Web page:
I also love fishing. Grew up with my father fishing on many Saturday mornings, and I love the time to unwind and reflect from the business. I also love the variety of fishing in N.C. We have wonderful fishing in the intercoastal waters, fresh water lakes all over the state, and my current favorite, trout fishing in the North Carolina mountains.
This paper refers to legal professional cannabis growers complying with state/provincial laws. Professional cannabis growers are well aware that environmental conditions play a critical role in plant quality and overall yield. Most can recite the ideal temperature and humidity for their crops without missing a beat. But ask most growers which type of pipe is Read more
This paper refers to legal professional cannabis growers complying with state/provincial laws.
Professional cannabis growers are well aware that environmental conditions play a critical role in plant quality and overall yield. Most can recite the ideal temperature and humidity for their crops without missing a beat. But ask most growers which type of pipe is best and they’ll likely to refer you to the closest head shop. The fact is professional growers (of cannabis or otherwise) are generally unaware of the piping options they have or the extent to which these options impact structural costs, energy efficiency and overall sustainability. When these matters are given proper consideration, polypropylene emerges as a great choice for this burgeoning industry.
Polypropylene pipe has been widely used for plumbing and hydronic heating in Europe since the 1970s. However, it was not introduced to North America until 2005. Since then, it has become increasingly popular for a wide range of applications, from radiant heating of sports fields to process applications in craft breweries. It is a lightweight yet highly durable thermoplastic pipe with pressure and temperature tolerances that make it suitable for hydronic heating and cooling, potable water, and industrial and food-grade applications.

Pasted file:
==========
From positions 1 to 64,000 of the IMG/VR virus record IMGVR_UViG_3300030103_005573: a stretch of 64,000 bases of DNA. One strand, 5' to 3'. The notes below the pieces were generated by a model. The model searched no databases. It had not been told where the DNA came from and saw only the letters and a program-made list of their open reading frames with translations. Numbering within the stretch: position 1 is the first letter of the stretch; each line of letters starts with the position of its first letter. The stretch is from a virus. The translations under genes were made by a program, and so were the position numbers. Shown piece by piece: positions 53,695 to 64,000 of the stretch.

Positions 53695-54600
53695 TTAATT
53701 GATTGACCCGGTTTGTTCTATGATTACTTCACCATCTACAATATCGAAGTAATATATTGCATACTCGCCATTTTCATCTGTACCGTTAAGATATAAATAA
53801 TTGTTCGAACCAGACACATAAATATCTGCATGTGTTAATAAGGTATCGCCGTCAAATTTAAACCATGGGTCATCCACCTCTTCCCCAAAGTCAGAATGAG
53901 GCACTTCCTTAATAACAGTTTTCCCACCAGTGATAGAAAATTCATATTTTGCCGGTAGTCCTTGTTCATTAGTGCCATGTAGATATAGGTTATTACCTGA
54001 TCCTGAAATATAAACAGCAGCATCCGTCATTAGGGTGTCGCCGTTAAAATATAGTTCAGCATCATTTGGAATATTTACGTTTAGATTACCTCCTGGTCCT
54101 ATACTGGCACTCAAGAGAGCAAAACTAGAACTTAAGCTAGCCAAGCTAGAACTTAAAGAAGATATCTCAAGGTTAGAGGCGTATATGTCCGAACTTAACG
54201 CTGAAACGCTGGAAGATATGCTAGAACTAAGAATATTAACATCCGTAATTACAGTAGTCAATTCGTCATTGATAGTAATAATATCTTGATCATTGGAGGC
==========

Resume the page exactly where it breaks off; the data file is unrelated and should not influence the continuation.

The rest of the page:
Unlike metal pipe, the installation of polypropylene pipe does not involve traditional torch welding. Instead it relies on a flameless heat-fusion method that’s easy to learn and highly reliable at creating virtually leak-free connections. When contractors become adept at heat fusion, they can typically install polypropylene piping much faster than welding copper, carbon steel and stainless-steel pipe.
An appealing characteristic of polypropylene is its chemical purity and inertness. It does not rust, scale or leach any impurities into to the fluids it transports, nor does it react with most chemicals. This not only improves its longevity over other piping materials, it also makes it suitable for a wide range of applications. Furthermore, unlike PVC or CPVC piping, polypropylene pipe does not become brittle or susceptible to cracking when exposed to cold temperatures. A full list of the physical/performance characteristics of polypropylene and associated benefits is shown in Table 1.
Where does polypropylene fit into the day-to-day operation of a grow facility? The answer is pretty much any application that requires the transport of fluids. But to truly understand the potential roles that polypropylene can play in the growing cannabis industry, one must first look at the special needs, challenges and values of the industry.
An Energy Intensive Industry